There were roughly 1,200 Latter-day Saints living in Liberia in December 1989, when the First Liberian Civil War began. Even after foreign missionaries were withdrawn to Sierra Leone, eight Liberian missionaries remained to preach the gospel and minister to members. That summer, however, Elders John Gaye and Prince Nyanforh were cut off from the other six missionaries and the acting mission president, David M. Tarr, when revolutionary forces occupied Paynesville, where they were serving.
Fighters often targeted an ethnic group called the Krahn, which had been treated preferentially under President Samuel Doe. Because John Gaye was Krahn, he stayed indoors. Nyanforh agreed to go out into the war-torn city when the missionaries ran low on food. “When I get out there and I die,” Nyanforh said to Gaye before he left, “let the ward know that this missionary died for this cause.” Nyanforh was stopped and questioned, but he was able to return safely.
The missionaries soon decided to flee Paynesville altogether, but their group of refugees was detained by revolutionary forces. Gaye heard fighters interrogating each person, asking about their ethnic origin. The questioning stopped for the night before the elders’ turn came, but Gaye feared he would be killed in the morning.
“All night long I had been in communion with my Heavenly Father,” Gaye later wrote. As the questioning resumed, Gaye “began to imagine paradise.” But just before he was questioned, a familiar figure arrived. “It was a Saint who the Lord has sent to rescue me and my companion,” Gaye recalled.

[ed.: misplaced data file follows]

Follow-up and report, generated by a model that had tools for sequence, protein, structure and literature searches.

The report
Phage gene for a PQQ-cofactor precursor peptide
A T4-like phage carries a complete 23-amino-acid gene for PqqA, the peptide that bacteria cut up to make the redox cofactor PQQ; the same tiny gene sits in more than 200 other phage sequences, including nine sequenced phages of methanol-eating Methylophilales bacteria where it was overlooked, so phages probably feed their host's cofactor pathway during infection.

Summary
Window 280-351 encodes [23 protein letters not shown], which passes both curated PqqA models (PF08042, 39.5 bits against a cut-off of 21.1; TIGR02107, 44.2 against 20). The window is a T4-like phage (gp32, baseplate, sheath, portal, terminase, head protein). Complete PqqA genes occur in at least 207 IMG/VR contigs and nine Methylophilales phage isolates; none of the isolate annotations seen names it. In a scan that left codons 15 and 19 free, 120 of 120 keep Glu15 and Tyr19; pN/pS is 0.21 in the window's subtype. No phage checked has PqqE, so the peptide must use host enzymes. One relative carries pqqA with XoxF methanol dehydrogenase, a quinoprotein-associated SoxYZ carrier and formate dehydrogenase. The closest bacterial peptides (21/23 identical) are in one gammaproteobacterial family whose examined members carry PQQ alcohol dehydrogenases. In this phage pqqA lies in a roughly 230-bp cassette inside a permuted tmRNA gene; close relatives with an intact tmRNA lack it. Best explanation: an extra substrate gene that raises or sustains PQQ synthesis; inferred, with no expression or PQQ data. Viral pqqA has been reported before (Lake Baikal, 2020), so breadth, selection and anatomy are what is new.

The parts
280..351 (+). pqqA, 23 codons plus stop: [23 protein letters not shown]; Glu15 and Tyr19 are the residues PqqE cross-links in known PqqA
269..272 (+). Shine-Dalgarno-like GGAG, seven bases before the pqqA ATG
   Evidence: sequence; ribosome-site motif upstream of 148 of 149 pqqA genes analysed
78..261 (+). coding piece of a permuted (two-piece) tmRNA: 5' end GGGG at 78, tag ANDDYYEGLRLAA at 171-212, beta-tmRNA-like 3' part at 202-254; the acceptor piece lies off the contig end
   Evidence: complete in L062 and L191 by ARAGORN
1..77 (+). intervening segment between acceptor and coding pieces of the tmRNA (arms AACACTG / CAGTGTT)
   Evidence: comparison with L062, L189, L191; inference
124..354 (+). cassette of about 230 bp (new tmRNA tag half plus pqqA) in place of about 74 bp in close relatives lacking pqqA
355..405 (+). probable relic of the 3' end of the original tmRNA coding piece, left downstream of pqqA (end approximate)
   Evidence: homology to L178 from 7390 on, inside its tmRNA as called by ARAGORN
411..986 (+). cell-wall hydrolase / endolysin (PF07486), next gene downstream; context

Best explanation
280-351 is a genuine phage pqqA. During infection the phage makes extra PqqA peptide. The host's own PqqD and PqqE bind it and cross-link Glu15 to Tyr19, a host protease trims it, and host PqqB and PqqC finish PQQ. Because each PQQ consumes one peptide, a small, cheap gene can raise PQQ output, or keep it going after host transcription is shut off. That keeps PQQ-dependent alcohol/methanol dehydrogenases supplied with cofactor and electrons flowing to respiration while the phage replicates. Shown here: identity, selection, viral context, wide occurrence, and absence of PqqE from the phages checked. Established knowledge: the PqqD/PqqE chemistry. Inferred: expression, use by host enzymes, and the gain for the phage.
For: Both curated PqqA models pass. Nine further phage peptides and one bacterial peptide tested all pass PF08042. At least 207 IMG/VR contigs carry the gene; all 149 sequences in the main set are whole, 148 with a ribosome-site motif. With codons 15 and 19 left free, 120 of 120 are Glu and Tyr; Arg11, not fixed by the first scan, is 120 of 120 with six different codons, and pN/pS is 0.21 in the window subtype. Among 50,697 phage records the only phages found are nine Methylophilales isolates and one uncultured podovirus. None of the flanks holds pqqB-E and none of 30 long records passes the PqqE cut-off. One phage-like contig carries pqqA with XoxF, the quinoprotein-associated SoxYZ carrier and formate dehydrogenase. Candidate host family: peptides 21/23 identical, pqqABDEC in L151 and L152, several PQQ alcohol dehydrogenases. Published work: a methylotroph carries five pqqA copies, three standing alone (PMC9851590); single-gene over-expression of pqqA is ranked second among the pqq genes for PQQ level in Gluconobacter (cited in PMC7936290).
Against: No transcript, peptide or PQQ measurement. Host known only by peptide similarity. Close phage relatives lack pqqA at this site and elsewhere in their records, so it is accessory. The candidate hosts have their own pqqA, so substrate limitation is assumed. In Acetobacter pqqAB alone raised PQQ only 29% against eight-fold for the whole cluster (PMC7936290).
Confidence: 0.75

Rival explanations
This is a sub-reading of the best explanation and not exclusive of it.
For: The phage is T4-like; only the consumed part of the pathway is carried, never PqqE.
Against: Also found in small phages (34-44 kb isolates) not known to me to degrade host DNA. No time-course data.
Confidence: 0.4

The man, a clerk in the local branch who had joined the revolutionary forces, recognized the missionaries and intervened on their behalf. After their release, the missionaries fasted and prayed for guidance. In answer to their prayers, they felt prompted to make the eight-hour walk to the mission home in the besieged city of Monrovia. They arrived just as the other six missionaries were about to depart for Sierra Leone, determined to complete their missions there. All eight elders were able to do so.
During the same period, many Saints in Liberia fled the country, were displaced, or went into hiding. By the spring of 1993, however, seven of the country’s eight branches had been reorganized. Many Liberian Saints weathered a decade of fighting to preserve the Church in their country, while others built up the Church in neighboring countries.